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Wednesday, 24 February 2021

University of 3rd AgeThe Humour and Art of the Picture Postcard

Speaker: Dr James Taylor FRSA

Last Thursday the Todmorden U3A welcomed Dr James Taylor FRSA who gave a fascinating insight in the history of the picture postcard as an art form, as a mode of communication, as propaganda and as a vehicle for humour. James told us that postcards are a mirror to society, especially at times of conflict like the First and Second World War when humour was used to ease the concerns of the public, for propaganda purposes and of course to attack our enemies.

It can be said that postcards originated with the British, by Theodore Edward Hook, who produced the earliest humorous artist drawn postcard, poking fun at the scribes of the General Post Office. Stamped with the Penny Black he sent it to himself in 1840. The card itself was sold by auction in 2002 for £31,750.

The earliest known humorous postcard

In 1894 the monopoly of the Post Office was broken and many companies began designing postcards, and by 1899 Britain fell in line with other countries and the standard size that we still use today 5.5 x 3.5 inches came into use. In 1902 the modern postcard format came into being with the divided back so that you can put the message and the address on the same side.

In the early 20th century there were hundreds of printers and publishers of postcards, including many in our area from Scarborough to Blackpool, but probably the one that resonates with us most is Bamforth & Co of Holmfirth. They started off in the 19th century producing movie backdrops and by the early 20th century were producing 20 million cards per year.

In the early 20th century there were multiple postal deliveries a day, so you could send postcards back and forth with thoughts and epithets over long distances, perhaps a little bit like the social media of today!

A well-known character of the time was Bonzo the Dog created by George Studdy. The pup quickly rose in popularity during the 1920s and even featured in films. Giving human qualities to animals was also a feature of the work by Louis Wain and now his cards fetch £40-£50 at auction. Another artist of note that can fetch good prices is the Frederic George Lewin, he produced nearly 750 postcards designs and he is probably best known for his wartime vicar cards.

Mabel Lucie Attwell did many cards showing ladies with exaggerated limbs and she was also known for her cute, nostalgic drawings of children. She went on to illustrate books and even have her designs appear on chinaware.

Probably the best-known humorous postcard artist was Donald McGill, and although he looked like an avuncular bank manager, he was hopeless financially, because he took a fee upfront, whereas artists like Mabel Lucie Attwell took a royalty on the number of cards sold. Even at the height of his fame he only earned three guineas a design and his estate was valued at just £735 on his death.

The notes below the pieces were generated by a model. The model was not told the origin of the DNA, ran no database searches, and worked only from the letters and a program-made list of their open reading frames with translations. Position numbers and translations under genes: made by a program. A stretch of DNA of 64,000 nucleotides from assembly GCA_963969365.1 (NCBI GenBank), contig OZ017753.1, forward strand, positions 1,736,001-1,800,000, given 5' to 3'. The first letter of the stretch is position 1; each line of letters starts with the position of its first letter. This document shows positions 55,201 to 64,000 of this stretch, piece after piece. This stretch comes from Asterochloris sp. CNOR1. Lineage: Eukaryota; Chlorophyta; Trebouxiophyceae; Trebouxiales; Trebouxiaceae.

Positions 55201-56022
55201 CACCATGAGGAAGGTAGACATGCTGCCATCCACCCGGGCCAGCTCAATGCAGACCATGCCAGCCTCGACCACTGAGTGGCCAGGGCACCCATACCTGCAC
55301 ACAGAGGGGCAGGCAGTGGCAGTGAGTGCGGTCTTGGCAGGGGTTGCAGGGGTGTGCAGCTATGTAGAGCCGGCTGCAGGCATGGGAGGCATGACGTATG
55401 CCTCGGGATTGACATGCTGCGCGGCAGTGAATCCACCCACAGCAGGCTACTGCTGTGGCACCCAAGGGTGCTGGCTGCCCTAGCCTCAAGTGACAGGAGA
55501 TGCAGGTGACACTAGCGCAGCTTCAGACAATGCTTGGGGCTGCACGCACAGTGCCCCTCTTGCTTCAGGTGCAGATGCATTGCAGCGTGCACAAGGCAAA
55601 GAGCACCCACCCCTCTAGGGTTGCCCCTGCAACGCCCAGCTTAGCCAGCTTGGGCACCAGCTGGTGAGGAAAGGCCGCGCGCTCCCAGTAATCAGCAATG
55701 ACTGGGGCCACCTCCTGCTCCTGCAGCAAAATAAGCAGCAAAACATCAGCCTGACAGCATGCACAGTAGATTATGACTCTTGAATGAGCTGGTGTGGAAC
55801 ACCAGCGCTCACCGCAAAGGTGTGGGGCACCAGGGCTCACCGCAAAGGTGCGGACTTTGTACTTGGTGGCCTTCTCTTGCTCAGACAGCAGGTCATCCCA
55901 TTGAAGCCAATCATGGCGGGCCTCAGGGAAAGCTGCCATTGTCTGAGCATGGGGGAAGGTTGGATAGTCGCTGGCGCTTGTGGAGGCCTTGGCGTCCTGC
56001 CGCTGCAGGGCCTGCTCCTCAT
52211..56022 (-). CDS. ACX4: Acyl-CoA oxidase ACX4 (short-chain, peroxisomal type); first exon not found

His cards mostly feature an array of attractive young women, fat old ladies, drunken middle- aged men, honeymoon couples and vicars. He ranked his output according to their vulgarity as mild, medium and strong, with strong being much the best sellers. His family, however, was steadfastly respectable and today his original artwork can fetch thousands of pounds.

McGill fell foul of several local censorship committees, which culminated in a major trial in Lincoln on 15th July 1954 for breaking the Obscene Publications Act 1857. He was found guilty and fined £50 with £25 costs. The wider result was a devastating blow to the saucy postcard industry; many postcards were destroyed as a result, retailers cancelled orders and some companies were made bankrupt. In the late 1950s, the level of censorship eased off and the market recovered. In 1957, McGill gave evidence before a House of Commons select committee set up to amend the 1857 Act.

Whilst many of us appreciate the quality of artistry in seaside postcards they no longer form the staple of our holiday messages of “wish you were here”. The demise of the postcard was assisted by increasing postal charges, the arrival of the telephone and of course the mobile phone with inbuilt camera. Today we can take constant images of our holidays and forward them to our friends back home with ease in seconds and of course no obvious cost.

The next Todmorden U3A Monthly Members Meeting by Zoom will be on Thursday 18th March 2021 at 1.45 p.m., open to all fully paid-up members.

Our presenter for March will be Georgina Ferry with a talk entitled, ‘From Diamonds to DNA’.

Not yet a member? You can attend one talk free by requesting an invitation to this zoom event. We’re always delighted to welcome new members.

Our contact details are www.u3atod.org.uk (website), info@u3atod.org.uk (email), or 01422 886021 (phone).

Many thanks to Michael Astrop for this report


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